While St. Ives has certainly taken the most heat from the skin-care critics of TikTok, there are other beauty companies that have felt the effects of TikTok skinfluencers. Millennial go-to Mario Badescu experienced its own version of “cancel culture.” Dombrowski listed the brand’s collection of popular facial sprays among “the five worst skin care products ever created.” Thayers is another longstanding trigger brand for these influencers, because of its signature witch hazel toner that’s often combined with fragrance.

Newly acquired by L’Oréal, Thayers has had to go on the offensive, partnering with “brand advocates Young Yuh, Edward Zo, and Adaleta Avdić to educate about what makes Thayers unique and to show that not all witch hazel is created equal,” the brand said in a statement.

“As many skin-care experts and professionals have confirmed, our facial toners are unique because they are alcohol-free and contain soothing ingredients like aloe vera and glycerin to hydrate the skin, as well as certified organic witch hazel,” the Thayers statement said. 

Dr. Shah, who included Thayers in one of hisWorst Skincare Trends videos, justified his critique by saying, “Their unscented, alcohol-free product isn’t a bad option for those who like witch hazel. I personally just don’t think it has a place in the average person’s skin-care routine.”

People would tag me in videos to verify their accuracy, and I became aware of how much misinformation was out there,” he said. “I decided to debunk information, so consumers could be informed and make better decisions about their skin. My intent was never to have a cancel effect on brands, but I do think they’re paying attention to us and starting to change some of their tactics, which is an unintended positive consequence.”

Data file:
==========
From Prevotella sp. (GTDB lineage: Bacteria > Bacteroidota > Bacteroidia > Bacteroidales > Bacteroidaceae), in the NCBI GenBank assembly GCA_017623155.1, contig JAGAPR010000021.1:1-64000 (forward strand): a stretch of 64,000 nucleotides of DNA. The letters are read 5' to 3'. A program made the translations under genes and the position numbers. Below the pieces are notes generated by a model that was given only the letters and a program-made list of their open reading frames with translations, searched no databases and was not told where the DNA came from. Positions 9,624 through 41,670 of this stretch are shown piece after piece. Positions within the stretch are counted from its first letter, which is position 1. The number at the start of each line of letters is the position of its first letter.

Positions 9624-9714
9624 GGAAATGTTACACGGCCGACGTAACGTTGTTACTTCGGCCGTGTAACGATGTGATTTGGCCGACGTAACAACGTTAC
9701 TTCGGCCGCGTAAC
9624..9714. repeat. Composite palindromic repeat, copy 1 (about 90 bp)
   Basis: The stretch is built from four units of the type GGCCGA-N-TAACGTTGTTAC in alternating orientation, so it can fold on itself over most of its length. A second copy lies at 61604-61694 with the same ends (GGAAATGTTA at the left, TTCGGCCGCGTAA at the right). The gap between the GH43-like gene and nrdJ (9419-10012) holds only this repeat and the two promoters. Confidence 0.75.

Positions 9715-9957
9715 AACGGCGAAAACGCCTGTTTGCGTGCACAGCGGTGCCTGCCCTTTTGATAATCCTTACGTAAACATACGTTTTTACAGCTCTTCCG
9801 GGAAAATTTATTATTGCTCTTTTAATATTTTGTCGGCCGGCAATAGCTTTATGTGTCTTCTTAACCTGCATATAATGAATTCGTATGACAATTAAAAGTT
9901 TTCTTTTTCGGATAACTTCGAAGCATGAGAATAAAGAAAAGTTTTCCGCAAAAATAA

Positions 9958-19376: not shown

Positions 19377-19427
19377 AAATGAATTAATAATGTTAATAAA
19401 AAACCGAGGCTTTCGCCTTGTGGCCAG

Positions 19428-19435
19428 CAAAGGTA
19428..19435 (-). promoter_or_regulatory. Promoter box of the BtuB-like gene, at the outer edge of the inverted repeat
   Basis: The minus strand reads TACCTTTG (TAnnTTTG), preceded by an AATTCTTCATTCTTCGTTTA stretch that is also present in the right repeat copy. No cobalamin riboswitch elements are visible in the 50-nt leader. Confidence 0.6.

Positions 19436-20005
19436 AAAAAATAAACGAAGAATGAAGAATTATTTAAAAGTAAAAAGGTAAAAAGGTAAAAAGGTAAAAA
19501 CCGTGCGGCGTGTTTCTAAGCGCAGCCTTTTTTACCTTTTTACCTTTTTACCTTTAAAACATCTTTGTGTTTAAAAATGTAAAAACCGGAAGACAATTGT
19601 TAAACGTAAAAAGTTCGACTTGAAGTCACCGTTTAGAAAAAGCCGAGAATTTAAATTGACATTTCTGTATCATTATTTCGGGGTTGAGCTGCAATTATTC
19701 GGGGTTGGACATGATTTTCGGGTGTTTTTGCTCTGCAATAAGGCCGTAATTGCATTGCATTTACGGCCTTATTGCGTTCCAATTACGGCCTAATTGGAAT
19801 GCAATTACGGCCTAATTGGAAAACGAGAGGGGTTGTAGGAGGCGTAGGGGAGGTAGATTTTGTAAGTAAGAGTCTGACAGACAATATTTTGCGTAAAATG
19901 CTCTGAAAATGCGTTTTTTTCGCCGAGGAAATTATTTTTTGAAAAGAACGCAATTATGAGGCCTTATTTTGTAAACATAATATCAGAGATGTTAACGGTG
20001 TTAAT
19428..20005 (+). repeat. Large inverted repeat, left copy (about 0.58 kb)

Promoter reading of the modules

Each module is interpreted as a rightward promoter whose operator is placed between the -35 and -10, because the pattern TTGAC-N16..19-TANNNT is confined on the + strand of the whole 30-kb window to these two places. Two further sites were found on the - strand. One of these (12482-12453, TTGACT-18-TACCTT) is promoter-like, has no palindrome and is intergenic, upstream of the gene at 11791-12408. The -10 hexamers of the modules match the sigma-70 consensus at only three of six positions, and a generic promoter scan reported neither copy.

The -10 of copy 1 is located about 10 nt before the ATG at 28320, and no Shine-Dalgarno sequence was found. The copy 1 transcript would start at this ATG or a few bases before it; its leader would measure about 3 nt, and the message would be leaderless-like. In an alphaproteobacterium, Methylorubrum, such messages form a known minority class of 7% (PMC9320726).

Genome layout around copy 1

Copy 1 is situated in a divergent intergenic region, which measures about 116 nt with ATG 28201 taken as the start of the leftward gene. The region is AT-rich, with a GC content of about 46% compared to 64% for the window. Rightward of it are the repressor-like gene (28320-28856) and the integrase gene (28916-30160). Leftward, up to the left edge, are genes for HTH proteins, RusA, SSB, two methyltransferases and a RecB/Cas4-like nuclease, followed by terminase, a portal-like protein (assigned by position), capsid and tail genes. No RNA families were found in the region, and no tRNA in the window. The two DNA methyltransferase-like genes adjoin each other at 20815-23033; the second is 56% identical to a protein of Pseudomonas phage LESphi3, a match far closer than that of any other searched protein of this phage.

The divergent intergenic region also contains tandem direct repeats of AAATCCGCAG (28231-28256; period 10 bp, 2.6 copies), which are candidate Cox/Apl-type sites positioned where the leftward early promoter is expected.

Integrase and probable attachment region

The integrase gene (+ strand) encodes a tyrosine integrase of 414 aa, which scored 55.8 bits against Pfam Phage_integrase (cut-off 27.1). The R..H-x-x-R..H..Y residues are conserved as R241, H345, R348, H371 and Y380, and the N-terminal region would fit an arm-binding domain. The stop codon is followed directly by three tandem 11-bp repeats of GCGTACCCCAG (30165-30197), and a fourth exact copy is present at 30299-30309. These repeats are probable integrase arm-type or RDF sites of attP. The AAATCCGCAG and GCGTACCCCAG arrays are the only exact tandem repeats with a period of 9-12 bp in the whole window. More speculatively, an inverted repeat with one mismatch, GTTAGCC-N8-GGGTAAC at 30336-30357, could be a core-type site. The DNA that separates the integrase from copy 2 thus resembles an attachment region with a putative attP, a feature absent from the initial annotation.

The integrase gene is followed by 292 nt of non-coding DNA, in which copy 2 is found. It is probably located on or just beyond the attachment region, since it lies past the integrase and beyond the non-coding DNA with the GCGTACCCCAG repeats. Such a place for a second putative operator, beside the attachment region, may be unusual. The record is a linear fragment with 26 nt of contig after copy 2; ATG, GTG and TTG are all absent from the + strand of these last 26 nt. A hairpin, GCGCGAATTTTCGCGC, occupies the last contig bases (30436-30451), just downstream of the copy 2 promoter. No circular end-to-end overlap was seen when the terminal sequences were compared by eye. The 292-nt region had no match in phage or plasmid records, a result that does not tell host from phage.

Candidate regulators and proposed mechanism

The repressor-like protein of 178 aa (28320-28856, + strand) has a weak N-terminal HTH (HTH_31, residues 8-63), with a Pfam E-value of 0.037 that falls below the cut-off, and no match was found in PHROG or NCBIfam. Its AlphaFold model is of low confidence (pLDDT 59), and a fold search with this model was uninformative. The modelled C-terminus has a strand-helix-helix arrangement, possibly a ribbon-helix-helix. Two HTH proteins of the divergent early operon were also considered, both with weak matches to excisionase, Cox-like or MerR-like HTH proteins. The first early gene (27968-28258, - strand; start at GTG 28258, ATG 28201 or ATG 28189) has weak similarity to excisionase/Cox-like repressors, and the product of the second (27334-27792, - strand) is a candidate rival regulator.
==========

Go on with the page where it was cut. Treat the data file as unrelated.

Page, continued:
While there hasn’t been notable rebuttal from these brands, the ridicule hasn’t gone unnoticed.

“TikTok is a living, breathing feedback line,” the St. Ives spokesperson said. “It has also brought to light many misconceptions around our products and usage. All of our scrubs are safe to use, dermatologist tested and developed by skin-care experts. We’re taking steps to ensure consumers are aware of how to properly use our scrubs and understand the benefits of physical exfoliation. We know consumers look for different levels of exfoliation, which is why we incorporated three levels into our scrubs portfolio.”

While they said St. Ives doesn’t plan on changing its current products, for now, Morise Cabasso-owned Mario Badescu, which launched in 1967, feels the weight of the criticism.

“We’re launching new skin-care products this year that cater to the ever-changing skin-care space,” said Joseph Cabasso, vp at Mario Badescu Skin Care Inc.. “We’ve seen the feedback across TikTok, and understand the skin-care market has changed. We value influencer and consumer opinions on TikTok and always want to do better for our consumer.”

In the last two years, the cruelty-free brand launched five products that are vegan, and also free of parabens, synthetics, fragrances, sulfates and phthalates. They include Hyaluronic Dew Drops, Hyaluronic Dew Cream, Deodorant, Caffeine Eye Cream and Super Peptide Serum. 

As for Dombrowski, he encourages a running dialogue with the brands he’s critiqued. He said he’s open to learning, which is something he experienced with Glow Recipe when he called out the brand for using fragrance in its Pineapple-C Bright Serum. 

“I’ve changed my opinion and actually appreciate fragrances in Vitamin C products,” he said. “If there isn’t anything, it usually leads to products smelling absolutely horrible, like the SkinCeuticals C E Ferulic or the Kylie Skin Vitamin C Serum.”

When Glow Recipe reached out for an informational phone call, they were “very transparent with their formulations and the reasons behind them,” Dombrowski said. “Now they’re one of my favorite brands featured in my personal routine every single night.”